Pub battle heads to court

An architect’s rendition shows the proposed pub addition (to the right of the current building) as viewed from Eagle Harbor, with the condominiums behind. - Courtesy of Harbour Public House
An architect’s rendition shows the proposed pub addition (to the right of the current building) as viewed from Eagle Harbor, with the condominiums behind.
— image credit: Courtesy of Harbour Public House

Neighbors try to block expansion of the popular eatery and watering hole.

The Harbour Public House has long been a place where islanders go to bat around the issues of the day over their favorite frothy pint.

But not all arguments can be resolved on a barstool. For many of the pub’s neighbors, a planned expansion of the popular watering hole is about as appealing as heated hefeweizen.

It is that negative sentiment that has led finally to a court battle between the two sides, with the case set to go to trial this week in Kitsap Superior Court.

“When they built the pub, they said it would be a quiet atmosphere with classical music,” said David MacKenzie, who lives next door in the Harbourside Condominiums. “That’s not what it’s turned into.”

Pub owners Jeff and Jocelyn Waite want to build an adjoining, adults-only bar east of the existing building on Parfitt Way, and turn the existing establishment into a family dining eatery allowing patrons under age 21.

Neighbors at the condominiums, who have complained about parking problems at the pub as well as noise from patrons, delivery trucks and the kitchen’s exhaust system, filed suit last spring to stop the expansion, which they believe will only exacerbate current conditions.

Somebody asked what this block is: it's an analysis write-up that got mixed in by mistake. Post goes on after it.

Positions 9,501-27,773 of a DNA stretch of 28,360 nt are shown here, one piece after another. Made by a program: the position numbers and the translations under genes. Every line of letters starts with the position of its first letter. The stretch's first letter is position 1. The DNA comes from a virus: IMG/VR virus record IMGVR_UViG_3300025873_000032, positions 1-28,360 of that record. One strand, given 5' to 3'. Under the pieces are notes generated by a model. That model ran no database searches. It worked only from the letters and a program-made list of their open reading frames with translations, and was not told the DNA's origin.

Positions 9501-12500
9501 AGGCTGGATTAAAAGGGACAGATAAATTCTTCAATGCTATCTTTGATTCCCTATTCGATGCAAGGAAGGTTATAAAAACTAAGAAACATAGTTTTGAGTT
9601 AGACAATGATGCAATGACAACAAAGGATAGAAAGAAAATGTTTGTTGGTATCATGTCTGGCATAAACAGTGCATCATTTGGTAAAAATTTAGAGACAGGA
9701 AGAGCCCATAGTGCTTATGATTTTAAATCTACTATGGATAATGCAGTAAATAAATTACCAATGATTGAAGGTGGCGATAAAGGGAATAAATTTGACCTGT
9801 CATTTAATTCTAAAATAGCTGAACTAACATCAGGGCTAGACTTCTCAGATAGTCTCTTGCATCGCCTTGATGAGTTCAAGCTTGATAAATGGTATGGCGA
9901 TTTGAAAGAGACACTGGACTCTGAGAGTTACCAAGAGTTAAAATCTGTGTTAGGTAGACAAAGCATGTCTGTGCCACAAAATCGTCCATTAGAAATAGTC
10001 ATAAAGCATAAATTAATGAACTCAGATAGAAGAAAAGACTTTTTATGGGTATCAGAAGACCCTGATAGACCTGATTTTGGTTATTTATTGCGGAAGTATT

The lawsuit alleges that the proposed expansion violates an agreement reached by the pub and the condominium owners association in 1989.

At that time, Jocelyn’s father, Jim Evans, owned the pub and helped negotiate the agreement.

Part of the plan was to build a two-story, single-family residence with commercial space on the first floor where the proposed pub expansion now would be built.

“The building we want to build is similar structurally to what we agreed upon before,” said Jeff Waite. “We’ve tried to work it out on our own without success. They say good fences make good neighbors, but I don’t know if everyone feels that way in this case.”

Waite said the new expansion would be 10 percent to 15 percent bigger in area than the originally proposed structure, but slightly lower in height so as not to obstruct views from the condominiums.

MacKenzie said the original agreement didn’t allow for the type of use pub owners are talking about now.

“There’s already inadequate parking and escalating noise,” MacKenzie said. “A lot of residents here feel like the pub no longer matches the character of the neighborhood. This expansion would only make things worse.”

Waite said he’s sympathetic to many of the issues raised by his neighbors, but believes the expansion would alleviate noise, not worsen it.